Before Shaun Cassidy, even before David Cassidy, there was TV teen-throb Bobby Sherman. At the height of his career, Sherman had a hit series, a succession of smash singles and the adoration of millions of teenyboppers who bought Sixteen and Tiger Beat in record numbers when his face adorned their covers.
That face has survived the subsequent years with its boyish good looks intact — for a good reason. “I’ve led a pretty clean life, so I’ve aged fairly well,” says the forty-three-year-old Sherman, who still turns up on prime-time TV but prefers to work behind the scenes in television and recording. “I don’t even feel a whole lot older.”
Twenty-year-old Robert Cabot Sherman Jr. was studying child psychology at Pierce College in L.A. when a girlfriend took him to a cast party for The Greatest Story Ever Told. He made quite a splash singing a few songs with the band, whose members he knew from high school in Santa Monica, California. Among the party guests who caught Sherman’s impromptu gig were Natalie Wood, Jane Fonda and Sal Mineo. Three days later, an agent, tipped off by one of the party guests, sent Bobby to an audition for a new TV series, and he landed a featured spot on Shindig, the prime-time rock & roll revue that lasted from 1964 to 1966.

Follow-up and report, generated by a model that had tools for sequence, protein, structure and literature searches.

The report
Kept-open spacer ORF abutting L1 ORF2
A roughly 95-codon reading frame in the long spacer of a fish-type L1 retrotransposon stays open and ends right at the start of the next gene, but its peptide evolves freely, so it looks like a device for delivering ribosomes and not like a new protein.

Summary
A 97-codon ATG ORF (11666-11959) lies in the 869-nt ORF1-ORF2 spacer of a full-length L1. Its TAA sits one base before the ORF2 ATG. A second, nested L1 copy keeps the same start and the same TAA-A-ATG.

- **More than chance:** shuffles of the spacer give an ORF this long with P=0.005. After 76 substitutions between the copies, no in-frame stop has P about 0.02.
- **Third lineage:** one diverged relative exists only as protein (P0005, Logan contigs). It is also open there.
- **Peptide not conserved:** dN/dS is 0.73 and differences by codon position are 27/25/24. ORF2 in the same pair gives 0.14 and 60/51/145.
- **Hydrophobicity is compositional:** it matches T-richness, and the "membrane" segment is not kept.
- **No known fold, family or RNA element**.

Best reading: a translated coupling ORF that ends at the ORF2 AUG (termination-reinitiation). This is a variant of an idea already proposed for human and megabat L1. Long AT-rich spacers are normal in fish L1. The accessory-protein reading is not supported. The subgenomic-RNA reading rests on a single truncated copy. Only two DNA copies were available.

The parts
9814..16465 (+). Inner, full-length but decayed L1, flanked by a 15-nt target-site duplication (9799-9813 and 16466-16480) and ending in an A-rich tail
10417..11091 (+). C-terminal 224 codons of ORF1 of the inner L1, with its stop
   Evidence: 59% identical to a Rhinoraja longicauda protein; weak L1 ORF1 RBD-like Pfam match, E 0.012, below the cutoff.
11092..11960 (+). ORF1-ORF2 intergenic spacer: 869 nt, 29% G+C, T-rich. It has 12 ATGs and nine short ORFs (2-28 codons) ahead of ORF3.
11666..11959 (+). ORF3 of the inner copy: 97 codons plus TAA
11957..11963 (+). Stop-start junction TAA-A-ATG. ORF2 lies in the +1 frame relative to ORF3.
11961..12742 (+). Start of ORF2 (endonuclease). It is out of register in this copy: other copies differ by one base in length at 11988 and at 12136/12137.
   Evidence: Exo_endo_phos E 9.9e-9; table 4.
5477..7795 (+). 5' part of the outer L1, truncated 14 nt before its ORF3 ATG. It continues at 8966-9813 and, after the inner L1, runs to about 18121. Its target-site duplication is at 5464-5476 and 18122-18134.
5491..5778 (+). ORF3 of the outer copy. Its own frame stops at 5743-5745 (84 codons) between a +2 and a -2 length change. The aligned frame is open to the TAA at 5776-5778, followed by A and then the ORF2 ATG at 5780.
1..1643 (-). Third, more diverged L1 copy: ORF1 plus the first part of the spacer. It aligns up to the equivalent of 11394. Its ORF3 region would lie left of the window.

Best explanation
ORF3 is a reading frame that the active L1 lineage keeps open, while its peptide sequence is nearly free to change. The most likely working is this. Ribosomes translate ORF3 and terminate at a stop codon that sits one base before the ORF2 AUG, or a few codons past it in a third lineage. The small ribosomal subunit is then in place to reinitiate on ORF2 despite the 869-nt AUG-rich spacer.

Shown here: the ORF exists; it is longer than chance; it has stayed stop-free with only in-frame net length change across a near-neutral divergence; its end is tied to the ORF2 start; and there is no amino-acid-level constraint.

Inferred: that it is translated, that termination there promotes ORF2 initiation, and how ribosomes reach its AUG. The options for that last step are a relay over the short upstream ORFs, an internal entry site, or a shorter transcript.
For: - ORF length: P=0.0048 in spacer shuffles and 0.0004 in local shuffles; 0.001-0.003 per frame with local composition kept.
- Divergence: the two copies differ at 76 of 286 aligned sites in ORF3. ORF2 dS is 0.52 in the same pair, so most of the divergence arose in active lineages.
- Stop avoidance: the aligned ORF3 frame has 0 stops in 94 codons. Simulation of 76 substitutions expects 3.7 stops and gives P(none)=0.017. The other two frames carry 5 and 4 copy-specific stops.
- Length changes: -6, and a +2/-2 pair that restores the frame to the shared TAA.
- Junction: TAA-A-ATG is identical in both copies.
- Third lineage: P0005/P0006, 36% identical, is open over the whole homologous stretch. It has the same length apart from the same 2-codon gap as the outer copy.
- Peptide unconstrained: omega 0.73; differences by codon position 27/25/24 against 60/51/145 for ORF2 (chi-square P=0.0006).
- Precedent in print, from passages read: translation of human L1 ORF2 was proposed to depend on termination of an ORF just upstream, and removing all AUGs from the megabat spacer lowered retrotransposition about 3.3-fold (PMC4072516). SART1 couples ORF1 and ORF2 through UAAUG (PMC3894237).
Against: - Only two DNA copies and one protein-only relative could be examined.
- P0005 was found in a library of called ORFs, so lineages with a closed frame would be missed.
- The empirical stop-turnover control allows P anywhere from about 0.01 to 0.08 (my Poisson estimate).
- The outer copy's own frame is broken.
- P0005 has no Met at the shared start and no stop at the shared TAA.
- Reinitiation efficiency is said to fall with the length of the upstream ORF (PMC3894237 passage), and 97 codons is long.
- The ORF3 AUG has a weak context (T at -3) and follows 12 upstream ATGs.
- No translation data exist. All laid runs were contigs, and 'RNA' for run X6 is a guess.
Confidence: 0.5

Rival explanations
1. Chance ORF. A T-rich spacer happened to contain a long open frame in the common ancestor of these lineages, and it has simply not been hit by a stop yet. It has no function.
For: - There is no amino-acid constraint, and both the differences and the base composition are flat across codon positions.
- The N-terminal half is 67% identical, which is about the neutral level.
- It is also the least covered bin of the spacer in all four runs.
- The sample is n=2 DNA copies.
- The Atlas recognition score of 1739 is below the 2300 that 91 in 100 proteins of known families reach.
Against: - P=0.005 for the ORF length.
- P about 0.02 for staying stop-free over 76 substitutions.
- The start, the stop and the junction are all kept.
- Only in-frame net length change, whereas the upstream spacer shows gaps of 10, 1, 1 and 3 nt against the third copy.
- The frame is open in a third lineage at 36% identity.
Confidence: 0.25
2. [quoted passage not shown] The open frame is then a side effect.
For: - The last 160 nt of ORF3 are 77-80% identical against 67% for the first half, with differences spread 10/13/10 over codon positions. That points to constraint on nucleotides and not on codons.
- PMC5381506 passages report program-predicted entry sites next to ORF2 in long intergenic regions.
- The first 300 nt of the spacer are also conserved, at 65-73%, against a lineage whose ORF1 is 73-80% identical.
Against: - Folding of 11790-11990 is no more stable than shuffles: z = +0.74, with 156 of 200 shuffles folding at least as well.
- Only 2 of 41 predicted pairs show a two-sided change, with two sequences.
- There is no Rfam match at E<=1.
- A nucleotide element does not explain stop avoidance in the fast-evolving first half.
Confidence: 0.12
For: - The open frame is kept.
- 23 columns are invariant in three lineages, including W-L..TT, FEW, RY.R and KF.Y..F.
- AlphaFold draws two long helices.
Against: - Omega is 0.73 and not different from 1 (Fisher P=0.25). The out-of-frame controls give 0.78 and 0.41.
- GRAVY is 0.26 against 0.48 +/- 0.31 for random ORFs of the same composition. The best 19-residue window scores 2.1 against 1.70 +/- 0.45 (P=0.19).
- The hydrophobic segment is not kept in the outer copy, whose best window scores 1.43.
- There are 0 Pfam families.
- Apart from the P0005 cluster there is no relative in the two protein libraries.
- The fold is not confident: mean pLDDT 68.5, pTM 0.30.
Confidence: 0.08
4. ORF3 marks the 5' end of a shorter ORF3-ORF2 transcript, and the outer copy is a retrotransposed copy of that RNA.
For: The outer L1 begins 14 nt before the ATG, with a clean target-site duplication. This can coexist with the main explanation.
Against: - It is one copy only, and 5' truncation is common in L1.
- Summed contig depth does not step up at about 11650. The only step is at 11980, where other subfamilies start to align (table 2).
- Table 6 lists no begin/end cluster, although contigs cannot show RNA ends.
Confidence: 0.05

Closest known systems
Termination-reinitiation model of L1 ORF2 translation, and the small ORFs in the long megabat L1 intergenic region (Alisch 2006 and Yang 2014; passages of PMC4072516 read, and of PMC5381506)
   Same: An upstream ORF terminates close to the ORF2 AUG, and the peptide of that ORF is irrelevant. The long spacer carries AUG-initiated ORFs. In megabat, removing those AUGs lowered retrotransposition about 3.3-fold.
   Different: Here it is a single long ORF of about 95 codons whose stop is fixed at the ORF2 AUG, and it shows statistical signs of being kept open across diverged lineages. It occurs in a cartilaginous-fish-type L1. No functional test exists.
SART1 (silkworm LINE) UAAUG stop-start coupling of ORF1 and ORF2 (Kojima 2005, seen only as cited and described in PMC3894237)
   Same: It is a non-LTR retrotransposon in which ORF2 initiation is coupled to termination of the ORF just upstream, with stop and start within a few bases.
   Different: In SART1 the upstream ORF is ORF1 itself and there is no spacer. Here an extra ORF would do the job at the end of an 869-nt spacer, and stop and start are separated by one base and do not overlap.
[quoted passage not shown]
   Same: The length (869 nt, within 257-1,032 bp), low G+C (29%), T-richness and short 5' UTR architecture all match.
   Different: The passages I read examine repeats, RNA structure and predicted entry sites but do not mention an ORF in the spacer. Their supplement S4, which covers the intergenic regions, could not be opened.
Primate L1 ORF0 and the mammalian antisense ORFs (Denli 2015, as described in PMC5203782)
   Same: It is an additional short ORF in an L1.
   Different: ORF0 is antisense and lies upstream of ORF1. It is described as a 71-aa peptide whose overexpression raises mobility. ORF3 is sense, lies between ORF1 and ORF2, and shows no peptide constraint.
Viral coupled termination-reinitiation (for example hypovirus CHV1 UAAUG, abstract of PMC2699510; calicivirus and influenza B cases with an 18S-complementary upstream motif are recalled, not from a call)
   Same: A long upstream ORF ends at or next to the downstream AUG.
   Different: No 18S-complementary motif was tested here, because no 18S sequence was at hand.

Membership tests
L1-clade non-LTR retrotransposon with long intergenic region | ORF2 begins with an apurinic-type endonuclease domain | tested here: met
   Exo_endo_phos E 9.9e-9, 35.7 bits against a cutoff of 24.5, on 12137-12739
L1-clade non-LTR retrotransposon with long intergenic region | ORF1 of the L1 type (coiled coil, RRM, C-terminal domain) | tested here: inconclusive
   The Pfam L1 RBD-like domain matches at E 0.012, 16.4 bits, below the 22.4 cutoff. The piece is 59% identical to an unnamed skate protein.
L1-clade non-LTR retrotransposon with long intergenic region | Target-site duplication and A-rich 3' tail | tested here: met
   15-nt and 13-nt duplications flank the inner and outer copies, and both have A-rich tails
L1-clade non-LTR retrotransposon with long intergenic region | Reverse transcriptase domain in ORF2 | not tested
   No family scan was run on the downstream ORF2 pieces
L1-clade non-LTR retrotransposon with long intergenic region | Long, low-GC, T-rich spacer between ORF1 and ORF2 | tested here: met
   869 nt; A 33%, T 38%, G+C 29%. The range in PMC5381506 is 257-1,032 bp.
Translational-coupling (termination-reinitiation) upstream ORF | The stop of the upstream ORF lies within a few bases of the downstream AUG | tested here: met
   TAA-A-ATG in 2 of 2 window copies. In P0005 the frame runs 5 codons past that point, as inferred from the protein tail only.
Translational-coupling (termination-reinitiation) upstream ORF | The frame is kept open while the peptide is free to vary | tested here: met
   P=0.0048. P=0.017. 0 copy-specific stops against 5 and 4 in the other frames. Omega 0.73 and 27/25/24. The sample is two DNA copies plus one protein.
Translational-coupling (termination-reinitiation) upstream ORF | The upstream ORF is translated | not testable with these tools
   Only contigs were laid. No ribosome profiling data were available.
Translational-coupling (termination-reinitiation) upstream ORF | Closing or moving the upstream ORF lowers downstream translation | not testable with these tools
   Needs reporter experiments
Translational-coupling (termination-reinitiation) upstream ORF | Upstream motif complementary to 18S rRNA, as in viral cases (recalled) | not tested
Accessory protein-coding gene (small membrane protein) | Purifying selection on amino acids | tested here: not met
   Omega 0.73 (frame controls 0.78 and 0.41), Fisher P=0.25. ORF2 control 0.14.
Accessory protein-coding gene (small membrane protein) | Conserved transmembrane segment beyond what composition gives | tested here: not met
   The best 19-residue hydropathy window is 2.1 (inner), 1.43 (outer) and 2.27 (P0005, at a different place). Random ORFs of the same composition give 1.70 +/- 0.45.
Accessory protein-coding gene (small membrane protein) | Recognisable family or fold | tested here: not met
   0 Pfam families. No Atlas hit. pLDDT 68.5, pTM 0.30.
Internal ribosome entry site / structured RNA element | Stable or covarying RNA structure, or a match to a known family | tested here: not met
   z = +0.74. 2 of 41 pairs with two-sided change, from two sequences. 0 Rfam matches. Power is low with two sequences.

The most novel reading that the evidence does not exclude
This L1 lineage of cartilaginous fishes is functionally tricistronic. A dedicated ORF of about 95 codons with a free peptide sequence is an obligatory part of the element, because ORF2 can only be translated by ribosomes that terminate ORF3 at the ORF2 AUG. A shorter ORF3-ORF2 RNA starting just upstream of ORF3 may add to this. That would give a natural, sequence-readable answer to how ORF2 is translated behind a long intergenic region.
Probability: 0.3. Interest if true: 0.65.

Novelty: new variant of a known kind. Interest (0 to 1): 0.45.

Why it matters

On his own, Sherman began cutting records for Decca and Cameo-Parkway, but his singing career didn’t take off until 1968, when he starred in Here Come the Brides as the adorable stutterer Jeremy Bolt. Within months, Bobbymania was going full force. Weekdays were spent taping the show; on weekends he would head for the recording studio or hit the road. The gold records started coming with “Hey, Little Woman,” “Julie, Do Ya Love Me” and “Easy Come, Easy Go.”
Although somewhat diminished, Sherman’s popularity survived the 1970 cancellation of Here Come the Brides and the subsequent failure of Getting Together, a 1971 Partridge Family spinoff that went up against All in the Family. He continued his TV career, guesting on The Mod Squad, The Love Boat and, more recently, Murder, She Wrote. He also appeared in feature films, like 1983’s rock comedy Get Crazy, in which he and fellow former teen idol Fabian were featured as the henchmen of an evil promoter. Recently he has been producing for television, directing commercials and cutting records in his home studio.
Thanks to sound financial advice, Sherman managed to keep much of the money he made during his windfall years. Nonetheless, he was subject to an occasional outburst of whimsy, like the $15,000 one-fifth-scale replica of Disneyland’s Main Street that he built — with his own hands — in the back yard of his Encino home in the 1970s.
Sherman still lives in Encino, where his sons — Tyler, 13, and Christopher, 12 — visit on weekends. (Their mother, Patti Carnell, who was divorced from Sherman in the late Seventies, later married David Soul, who played Sherman’s brother on Here Come the Brides. The couple, now separated, made headlines in 1983 when Starsky and Hutch star Soul confessed to People magazine that he beat and abused Patti.) According to Sherman, his sons keep him up-to-date on new stars like Depeche Mode. “They’re like little barometers,” he says. But what does the aging heartthrob think of a new generation of kids turning on to reruns of his old shows? “It’s scary,” he says. “God forbid it should start all over again. I don’t think I could take it.”